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JNF Wire: Discovering Israel with Americans on Birthright Israel: Day Five

January 18, 2016
Adam H. Brill, Director of Communications
212-879-9305 x222
Discovering Israel with Americans on Birthright Israel: Day Five
By: June Glazer
Boirthright Pic1.jpg

Winter is Birthright season in Israel.  For this season alone, some 16,000 young adults from countries around the world will have visited the country, thanks to the gift of a free trip that, since the inception of Taglit-Birthright in 1999, has enabled some 500,000 participants to visit their ancestral homeland, many for the first time. 

On Birthright Israel: Shorashim – Ultimate Adventure with Israelis & JNF, forty-nine young professionals from throughout the U.S. were among the participants for this season and arrived in Israel on January 6 for their free 10-day trip.  As with all Birthright Israel trips their itinerary was crafted with the aim to strengthen bonds with the land and people of Israel. 

“This particular group’s age ranges from 22 to 26, and is referred to as a ‘national trip,’ meaning that participants come from around the country rather than from one school or one community,” said Jeff Gates, a staffer from Omaha who helped lead this trip.  “We have people who come from a range of backgrounds and traditions, from Sephardic to Ashkenazic, traditional to secular. It’s a group as diverse as American Jewish life itself,” he said.  

Itinerary highlights for Gates’s group included an opening ceremony at Ofir Lookout, a Jewish National Fund (JNF) project in the Golan Heights that takes in the vistas of Lake Kinneret and its surroundings. The group also spent four days in the Golan and the North, and visited Tel Aviv, Jerusalem, the Dead Sea, the city of Sderot, and Kibbutz Sde Boker, where Israel’s first prime minister, David Ben Gurion, and his wife, Paula, are buried.      

In Tel Aviv, participants visited Independence Hall, the place where Ben Gurion proclaimed the establishment of the Jewish State in 1948, and one of the national heritage sites supported by JNF.  It was the group’s official introduction to the city, and to the history that unfolded at the former Tel Aviv Museum of Art.  

“The trip has been great so far,” said Sam Student, 22, from Marlton, New Jersey.  An IT technician, this was his first trip to Israel.  “We’re traveling with seven Israelis on our tour bus, which is wonderful because they share details and experiences from their own lives with us. For example, we’re seeing Tel Aviv through their eyes, and it’s really helping me connect.”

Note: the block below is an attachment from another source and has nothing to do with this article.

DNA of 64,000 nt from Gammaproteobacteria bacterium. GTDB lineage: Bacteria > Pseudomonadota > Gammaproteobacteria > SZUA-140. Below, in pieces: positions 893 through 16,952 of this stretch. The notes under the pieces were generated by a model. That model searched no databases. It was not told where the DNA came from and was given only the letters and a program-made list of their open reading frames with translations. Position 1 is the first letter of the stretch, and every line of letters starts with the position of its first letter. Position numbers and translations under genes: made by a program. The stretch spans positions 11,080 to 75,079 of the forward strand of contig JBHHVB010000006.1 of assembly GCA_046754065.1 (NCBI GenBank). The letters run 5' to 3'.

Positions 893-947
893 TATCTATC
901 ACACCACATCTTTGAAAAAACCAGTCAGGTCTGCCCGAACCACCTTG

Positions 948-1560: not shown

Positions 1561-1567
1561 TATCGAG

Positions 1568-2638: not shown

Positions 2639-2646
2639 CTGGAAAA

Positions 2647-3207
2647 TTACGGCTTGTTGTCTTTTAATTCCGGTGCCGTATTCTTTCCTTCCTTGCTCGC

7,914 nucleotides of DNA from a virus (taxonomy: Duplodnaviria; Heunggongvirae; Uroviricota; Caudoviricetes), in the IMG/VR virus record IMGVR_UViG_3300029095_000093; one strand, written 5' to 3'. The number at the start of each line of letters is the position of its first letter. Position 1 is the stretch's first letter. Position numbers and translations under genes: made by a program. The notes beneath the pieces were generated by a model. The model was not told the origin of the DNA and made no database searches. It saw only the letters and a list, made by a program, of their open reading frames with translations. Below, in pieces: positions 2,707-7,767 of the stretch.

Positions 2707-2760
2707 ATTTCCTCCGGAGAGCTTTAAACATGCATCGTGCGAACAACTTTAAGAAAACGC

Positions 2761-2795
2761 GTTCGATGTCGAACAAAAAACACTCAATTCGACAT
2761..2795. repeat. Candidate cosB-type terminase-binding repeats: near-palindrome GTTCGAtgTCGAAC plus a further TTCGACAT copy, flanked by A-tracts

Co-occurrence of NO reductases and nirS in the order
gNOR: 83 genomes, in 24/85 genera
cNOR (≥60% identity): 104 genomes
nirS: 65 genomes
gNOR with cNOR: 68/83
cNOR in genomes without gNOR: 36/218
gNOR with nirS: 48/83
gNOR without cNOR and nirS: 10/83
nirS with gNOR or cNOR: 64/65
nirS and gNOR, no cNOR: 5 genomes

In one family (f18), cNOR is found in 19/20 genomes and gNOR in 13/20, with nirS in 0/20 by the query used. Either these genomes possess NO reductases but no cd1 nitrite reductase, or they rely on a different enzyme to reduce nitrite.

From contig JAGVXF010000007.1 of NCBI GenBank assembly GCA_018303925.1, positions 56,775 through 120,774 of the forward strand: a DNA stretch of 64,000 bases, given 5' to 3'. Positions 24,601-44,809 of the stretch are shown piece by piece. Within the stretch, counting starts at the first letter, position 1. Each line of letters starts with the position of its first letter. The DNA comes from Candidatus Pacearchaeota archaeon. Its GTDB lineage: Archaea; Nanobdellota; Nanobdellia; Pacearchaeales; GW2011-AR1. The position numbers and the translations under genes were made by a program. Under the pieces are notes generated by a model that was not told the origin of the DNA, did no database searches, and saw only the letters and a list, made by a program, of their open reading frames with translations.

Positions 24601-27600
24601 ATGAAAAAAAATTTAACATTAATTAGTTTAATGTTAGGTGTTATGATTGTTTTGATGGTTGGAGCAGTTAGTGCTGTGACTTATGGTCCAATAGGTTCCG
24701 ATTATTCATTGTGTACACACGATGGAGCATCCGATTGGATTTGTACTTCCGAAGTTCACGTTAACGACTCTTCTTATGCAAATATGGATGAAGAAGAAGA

For 23-year-old Zach Miller of Manhattan, arriving in Tel Aviv was a homecoming of sorts. “I have family here, so I’ll be extending my stay for a couple of days at the end of the trip to visit with them,” he said. While this was his second time in Israel, Miller says that only now is he beginning to understand why the country means so much to the Jewish people. “It’s not just about the fact that Jews live here, but it’s also about why they live here, and that their history here goes back thousands of years.”

“We had a great discussion yesterday about what it means to us to be Jewish,” said 27-year-old Stephanie Student, Sam’s sister, who currently lives in Washington, DC, where she manages a hospitality firm. “We talked about faith, culture, and religion, about how we were all raised, what that means for us, and what being here means.”  

“I’m loving this trip,” said Justin Levy, from Middletown, New Jersey.  “We’re hearing different kinds of perspectives from people of all walks of life, and it’s fascinating. The trip and the people are everything I had hoped for,” said the 26-year-old, who works in federal law enforcement.

Birthright Pic2.jpgAt Independence Hall, the group watched a film about the events leading up to Ben Gurion’s declaration of statehood on May 14, 1948, and sat in the restored museum hall where he and members of the People's Council and Executive signed the Scroll of Independence.  At the end of the recorded 1948 ceremony, invited guests stood to sing HaTikvah—“The Hope”—the newfound country’s national anthem. The Birthright group stood too, and blended their voices with those in the recording, sharing a foundational moment in modern Israeli history. 

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JEWISH NATIONAL FUND (JNF) began in 1901 as a dream and vision to reestablish a homeland in Israel for Jewish people everywhere. Jews the world over collected coins in iconic JNF Blue Boxes, purchasing land and planting trees until ultimately, their dream of a Jewish homeland was a reality. JNF gives all generations of Jews a unique voice in building a prosperous future for the land of Israel and its people.

JNF embodies both heart and action; our work is varied in scope but singular in benefit. We strive to bring an enhanced quality of life to all of Israel’s residents, and translate these advancements to the world beyond. JNF is greening the desert with millions of trees, building thousands of parks, creating new communities and cities for generations of Israelis to call home, bolstering Israel’s water supply, helping develop innovative arid-agriculture techniques, and educating both young and old about the founding and importance of Israel and Zionism.

JNF is a registered 501(c)(3) organization and United Nations NGO, which continuously earns top ratings from charity overseers.

For more information on JNF, call 888-JNF-0099 or visit


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